It’s basically a simple dolly that you can strap your canoe onto, allowing you to roll it to and from the water, or in and out of your garage or barn easily.
How to Securely Tie Your Canoe on Your Vehicle
With all the effort of getting your canoe onto your roof or into place, you also need to make sure that it’s strapped on securely. Having the right rope or straps make all the difference. Make sure the rope is strong, new, and UV-safe for the most secure fit. If you use a rope, then you’ll need to be able to tie strong knots to keep your canoe in place. Also, it’s important that the rope won’t stretch, so a bungee cord will not work to transport a canoe.
You want to have the strap touching the hull of the canoe as much as possible. For example, when you strap it down, the rope is most secure when touching the edges of the hull until it ties to your vehicle. If you strap the canoe down but the straps are too far from the edges of the canoe, then it will have more freedom to move under the strap.
Cam-buckle straps are an easy alternative to ropes. They’re inexpensive, strong, and you won’t need to tie any knots to secure them into place. Place the buckle underneath the roof rack and pass the other end over the top of the canoe. You can slide it across the roof of your car under the roof rack by pushing on the strap. Avoid throwing the other end of the buckle over the canoe since you could scratch your window or dent your car. When the straps are pulled into place, feed the strap into the buckle and pull it so the tension holds the canoe into place. Give the strap a final pull to make it extra tight. Then tie off the excess strap around the taut strap to keep it from coming loose on the drive.
Once the canoe is strapped down on the roof rack, secure a second trap to attach the bow and stern to your vehicle. In the rear, you’ll need to strap it to either your towing hook or the bolt that holds your spare tire. At the front, you can strap it to your front bumper. If you need to add points of attachment to your vehicle, then you can have your dealer or local garage install additional eye bolts for more security.
Lifting Your Canoe Safely
Just as important as properly strapping your canoe into place is making sure you carry it safely.
Having two people lift it is the best and easiest option so that you can share the weight and have better range of motion.
Let’s talk about the best ways to lift your canoe with a friend, and by yourself.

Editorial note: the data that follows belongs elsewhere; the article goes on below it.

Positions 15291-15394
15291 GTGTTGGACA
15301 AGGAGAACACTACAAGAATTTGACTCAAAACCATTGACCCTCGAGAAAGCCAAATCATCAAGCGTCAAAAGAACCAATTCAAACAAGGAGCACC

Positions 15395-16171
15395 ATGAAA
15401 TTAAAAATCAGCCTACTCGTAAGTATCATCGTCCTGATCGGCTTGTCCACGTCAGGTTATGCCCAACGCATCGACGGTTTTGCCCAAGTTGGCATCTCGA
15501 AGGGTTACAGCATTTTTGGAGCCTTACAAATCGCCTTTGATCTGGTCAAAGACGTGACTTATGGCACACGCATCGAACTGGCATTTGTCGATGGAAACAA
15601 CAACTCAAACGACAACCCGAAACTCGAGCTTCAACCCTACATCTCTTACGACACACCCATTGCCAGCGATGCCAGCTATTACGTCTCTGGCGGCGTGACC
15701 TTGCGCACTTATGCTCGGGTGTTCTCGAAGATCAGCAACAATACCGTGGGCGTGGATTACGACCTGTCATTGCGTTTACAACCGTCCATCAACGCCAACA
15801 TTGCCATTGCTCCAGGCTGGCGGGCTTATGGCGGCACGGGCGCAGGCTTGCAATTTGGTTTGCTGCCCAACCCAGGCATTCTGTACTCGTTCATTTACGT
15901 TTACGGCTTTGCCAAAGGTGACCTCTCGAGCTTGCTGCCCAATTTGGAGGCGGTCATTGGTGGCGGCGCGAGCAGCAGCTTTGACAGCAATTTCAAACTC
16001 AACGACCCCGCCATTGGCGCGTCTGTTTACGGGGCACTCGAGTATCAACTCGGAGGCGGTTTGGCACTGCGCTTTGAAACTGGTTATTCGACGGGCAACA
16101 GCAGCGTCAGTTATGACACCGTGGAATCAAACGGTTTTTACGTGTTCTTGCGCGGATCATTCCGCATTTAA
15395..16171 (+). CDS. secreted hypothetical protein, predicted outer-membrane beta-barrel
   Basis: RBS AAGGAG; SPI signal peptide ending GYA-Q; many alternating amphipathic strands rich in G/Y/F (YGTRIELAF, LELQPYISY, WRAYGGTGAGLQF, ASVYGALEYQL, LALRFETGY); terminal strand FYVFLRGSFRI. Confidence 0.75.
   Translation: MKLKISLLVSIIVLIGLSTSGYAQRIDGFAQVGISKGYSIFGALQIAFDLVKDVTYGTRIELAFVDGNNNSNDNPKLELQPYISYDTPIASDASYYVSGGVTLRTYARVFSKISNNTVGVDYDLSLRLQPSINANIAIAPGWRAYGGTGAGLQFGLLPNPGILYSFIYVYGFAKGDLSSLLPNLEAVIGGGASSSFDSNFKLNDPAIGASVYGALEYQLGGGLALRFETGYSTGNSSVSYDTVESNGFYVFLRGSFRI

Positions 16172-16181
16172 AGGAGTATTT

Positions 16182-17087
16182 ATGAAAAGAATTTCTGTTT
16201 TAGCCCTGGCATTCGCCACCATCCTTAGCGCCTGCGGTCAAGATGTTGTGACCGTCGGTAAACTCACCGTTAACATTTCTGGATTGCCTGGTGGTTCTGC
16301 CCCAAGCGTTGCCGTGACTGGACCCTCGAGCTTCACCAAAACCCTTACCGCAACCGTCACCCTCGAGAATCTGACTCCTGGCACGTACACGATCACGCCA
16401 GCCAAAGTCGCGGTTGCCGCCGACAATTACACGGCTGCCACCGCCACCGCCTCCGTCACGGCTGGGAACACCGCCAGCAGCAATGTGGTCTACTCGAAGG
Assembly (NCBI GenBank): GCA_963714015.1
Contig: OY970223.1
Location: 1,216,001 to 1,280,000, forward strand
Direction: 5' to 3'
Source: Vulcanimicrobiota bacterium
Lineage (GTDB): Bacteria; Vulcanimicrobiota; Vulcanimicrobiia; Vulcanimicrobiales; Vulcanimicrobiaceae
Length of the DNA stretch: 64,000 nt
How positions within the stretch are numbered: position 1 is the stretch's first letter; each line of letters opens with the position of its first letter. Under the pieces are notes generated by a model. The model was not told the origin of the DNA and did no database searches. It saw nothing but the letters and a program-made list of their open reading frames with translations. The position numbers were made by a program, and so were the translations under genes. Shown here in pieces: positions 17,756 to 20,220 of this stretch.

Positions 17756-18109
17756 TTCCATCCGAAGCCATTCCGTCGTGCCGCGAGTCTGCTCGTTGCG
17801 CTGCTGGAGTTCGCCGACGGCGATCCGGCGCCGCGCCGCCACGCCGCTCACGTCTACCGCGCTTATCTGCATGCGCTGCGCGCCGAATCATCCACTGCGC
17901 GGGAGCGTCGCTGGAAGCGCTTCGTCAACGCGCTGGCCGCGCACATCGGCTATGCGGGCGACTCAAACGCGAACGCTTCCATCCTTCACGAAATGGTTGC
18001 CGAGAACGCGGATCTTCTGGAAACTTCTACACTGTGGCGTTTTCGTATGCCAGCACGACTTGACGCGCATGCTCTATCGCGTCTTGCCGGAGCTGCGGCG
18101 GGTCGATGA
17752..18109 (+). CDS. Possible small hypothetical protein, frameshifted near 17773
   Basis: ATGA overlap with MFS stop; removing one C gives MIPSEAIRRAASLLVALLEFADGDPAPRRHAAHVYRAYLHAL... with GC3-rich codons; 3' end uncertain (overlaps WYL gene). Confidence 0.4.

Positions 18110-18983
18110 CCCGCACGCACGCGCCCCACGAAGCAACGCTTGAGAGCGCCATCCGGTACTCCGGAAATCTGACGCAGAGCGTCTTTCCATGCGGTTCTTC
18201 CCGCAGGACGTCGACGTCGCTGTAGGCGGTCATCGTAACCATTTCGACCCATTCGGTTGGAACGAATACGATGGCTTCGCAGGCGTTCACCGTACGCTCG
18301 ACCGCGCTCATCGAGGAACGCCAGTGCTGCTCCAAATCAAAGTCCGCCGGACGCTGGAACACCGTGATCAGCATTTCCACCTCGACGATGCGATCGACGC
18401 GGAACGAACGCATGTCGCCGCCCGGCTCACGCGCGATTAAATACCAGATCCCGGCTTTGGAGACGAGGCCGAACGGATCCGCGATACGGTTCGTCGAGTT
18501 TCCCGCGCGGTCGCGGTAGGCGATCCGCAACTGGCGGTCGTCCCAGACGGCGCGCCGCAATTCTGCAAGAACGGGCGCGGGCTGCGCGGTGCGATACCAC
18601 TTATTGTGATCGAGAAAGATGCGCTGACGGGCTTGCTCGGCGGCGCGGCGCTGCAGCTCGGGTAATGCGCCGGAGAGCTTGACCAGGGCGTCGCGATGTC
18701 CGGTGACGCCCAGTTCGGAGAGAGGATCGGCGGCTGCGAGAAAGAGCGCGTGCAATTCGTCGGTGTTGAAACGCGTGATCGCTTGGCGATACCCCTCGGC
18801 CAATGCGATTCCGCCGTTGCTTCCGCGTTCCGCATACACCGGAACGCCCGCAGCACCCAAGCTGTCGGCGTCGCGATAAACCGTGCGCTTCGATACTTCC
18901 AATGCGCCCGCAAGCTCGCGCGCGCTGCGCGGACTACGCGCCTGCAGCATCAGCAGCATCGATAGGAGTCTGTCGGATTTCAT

How to Carry a Canoe with Two People
When carrying the canoe short distances, you can do a simple underhand lift. Each person stands at opposite ends of the canoe, and lift upwards. Don’t lift on the deck plates and carry the canoe facing the direction of travel. Communicate clearly with your partner to alert them to any obstacles. When going longer distances, lift the canoe over your shoulders to carry it portage-style.
Using your arms to carry a canoe in any position can be tiring. This is especially true if you’re lifting the canoe over your head as these two young men are. Instead, use your life jacket for cushioning, and use the seat as a yoke, carrying the canoe on your shoulders.
To place the canoe on your vehicle, you’ll need to work together to lift your canoe.
It is important to lift with your legs. They are your largest muscles and will lower the risk of injuring your back. Brace the canoe on your knee and lift as you stand.
If two people need to carry a canoe over long distances or over rough terrain, then you’ll have a more difficult challenge. Personally, I find it easier to carry the canoe on my shoulders by myself when portaging over rough terrain and through the woods. My partner carries the paddles and gear (usually fishing rods). If you lack the strength to do so, take your time, communicate, and be patient with one another.
If you take your canoe out regularly, consider installing front and rear carrying yokes. These are ergonomically curved thwarts, which is a strut across the canoe that is shaped for carrying it on your shoulders more comfortably.
Usually, canoes only come with a singular yoke in the center of the boat for solo portage, but if neither of you is strong enough to comfortably carry a canoe in this way, installing more thwarts can be beneficial.
How to Lift a Canoe By Yourself
Lift the canoe by yourself only when necessary. Not everyone has the strength and balance to carry a canoe by themselves, and you don’t need to “be a hero” and hurt yourself.
What good is a canoe if you’re injured and you can’t use it?
I rest the canoe on the ground on its side. Then I lift with two hands under one gunwale to get the bottom gunwale balanced on my thigh. Next, with one hand on either gunwale, I use my knee to propel the canoe up, support the canoe with my arms and place my neck and shoulders under the carrying thwart in the center.
Be certain to keep your back straight to avoid injury, and use one hand on each gunwale to balance the canoe and make sure it does not tip. With the weight of the canoe on your shoulders, your legs can do the work while your arms are used for balance only.
Once your canoe is up on your shoulders, it’s safe to carry if you have a comfortable yoke. One tip I have is if your yolk is not comfortable, is to keep your life preserver on, or to use it as cushioning on the yolk.
Again, it is important to lift the boat with extreme care. Knowing how to lift a canoe properly when you’re by yourself can help prevent injuries.
- With the canoe on the ground, stand on the side of the canoe opposite to your dominant hand. For instance, right-handed people should stand with the canoe to their left, and left-handed people should stand with it to their right.
- Stay at the center of the canoe and grab the closest gunnel. Lift it onto your thighs and bear the weight on your legs. Gently rock the canoe until you can grab the other side, then use your knee to lift it and duck under the canoe until it’s positioned on your shoulders.
- To place the canoe on the ground, kneel onto the ground and lift it off your shoulders back onto your thighs.
Be careful when lifting. Use your legs to lift and your arms to support. When done correctly, you won’t strain your back during the process. With practice, you’ll be able to carry your canoe for miles through the woods and over rough terrain.